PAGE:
Research highlights

A Model of Germinal Matrix Hemorrhage in Preterm Rat Pups

Masako Jinnai, Gabriella Koning, Gagandeep Singh-Mallah, Andrea Jonsdotter, Anna-Lena Leverin, Pernilla Svedin, Syam Nair, Satoru Takeda, Xiaoyang Wang, Carina Mallard, Carl Joakim Ek, Eridan Rocha-Ferreira, Henrik Hagberg

premstem authors on this paper:

Syam Nair

University of Gothenburg

Carina Mallard

University of Gothenburg

Eridan Rocha-Ferreira

University of Gothenburg

Henrik Hagberg

University of Gothenburg

Background to the research

Between 8 and 36 weeks of pregnancy, the brain of a growing baby (the fetus) includes an area called the germinal matrix. It produces cells that are important for signalling. These signals control different processes in your body, such as movement, eyesight and pain sensation. Once the baby’s brain has developed, these cells make up what is known as the grey matter of the brain.

The germinal matrix is very fragile. It’s filled with blood vessels which sometimes burst when a baby is born preterm. This kind of bleeding is called germinal matrix hemorrhage and can lead to serious complications with how the brain works during a person’s life. It may even cause death.

Why is this type of research important?

It’s difficult to prevent germinal matrix hemorrhage in preterm babies. When it does occur, we currently have some treatments which try to reduce its negative effects on the child. We need to find more effective ways to treat it, and these need to be tested thoroughly by scientists in the lab before they can be used by humans.

What were the aims of the research?

The aim of this study was to develop an animal model which can be used by other researchers to help better understand germinal matrix haemorrhage and allow them to test new ways to either prevent or treat this type of brain injury in humans.

The researchers wanted to adapt and improve upon an existing model. To do so they used rats whose stage of brain development was about the same as that of a human fetus, or a baby born early, at 26–32 weeks of gestation.

This was an improvement to the current model in which the rats were older and whose brain was more developed – similar to the development stage of a human baby born at term – and when the germinal matrix was less obvious or non-existent.

How was the research done?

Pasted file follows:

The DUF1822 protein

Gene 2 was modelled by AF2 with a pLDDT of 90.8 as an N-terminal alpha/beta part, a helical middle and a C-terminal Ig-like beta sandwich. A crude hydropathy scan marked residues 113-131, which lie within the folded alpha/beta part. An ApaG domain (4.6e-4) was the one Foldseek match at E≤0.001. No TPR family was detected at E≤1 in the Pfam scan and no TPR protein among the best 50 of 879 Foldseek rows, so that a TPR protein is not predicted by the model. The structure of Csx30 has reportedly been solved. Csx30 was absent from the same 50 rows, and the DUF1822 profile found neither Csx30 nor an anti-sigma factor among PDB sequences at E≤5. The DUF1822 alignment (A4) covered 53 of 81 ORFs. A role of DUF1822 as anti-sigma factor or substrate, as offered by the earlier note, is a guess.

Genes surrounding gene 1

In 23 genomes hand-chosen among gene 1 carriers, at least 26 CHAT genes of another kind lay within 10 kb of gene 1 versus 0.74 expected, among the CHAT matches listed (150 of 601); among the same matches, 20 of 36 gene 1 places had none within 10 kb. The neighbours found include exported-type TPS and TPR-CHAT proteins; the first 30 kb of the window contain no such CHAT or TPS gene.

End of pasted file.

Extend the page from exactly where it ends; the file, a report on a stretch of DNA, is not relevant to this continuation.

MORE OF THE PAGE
This study looked at what happens when severe bleeding takes place in the brain’s germinal matrix. To do this, the scientists carried out experiments using rats whose stage of brain development was about the same as that of a human fetus, or a baby born early, at 26–32 weeks of gestation.

The study involved different groups of young rats. One group was injected with an enzyme called collagenase to speed up the rupturing of the blood vessels and bleeding in the germinal matrix.

The control group was injected with a saline (salt) solution. Saline is given because it’s expected to have no effect on the animal, allowing the scientists to compare the rats with and without brain injury.

The rats were given an anaesthetic before being injected with collagenase or saline and were allowed to recover afterwards. The group which was injected with collagenase experienced bleeding in the brain – germinal matrix hemorrhage – almost immediately.

Over several days, the scientists ran tests to compare the groups. This included checking the weight, coordination, reflexes and anxiety levels of all of the rats to see how the ones with germinal matrix hemorrhage compared to the animals without brain injury.

What did the research show?

The researchers found that the animals with germinal matrix hemorrhage performed worse in behaviour and movement tests. They also opened their eyes later than the rats which did not have bleeding in the brain. The injured rats also showed different levels of red blood cells and iron to the other groups, as well as a loss of brain tissue.

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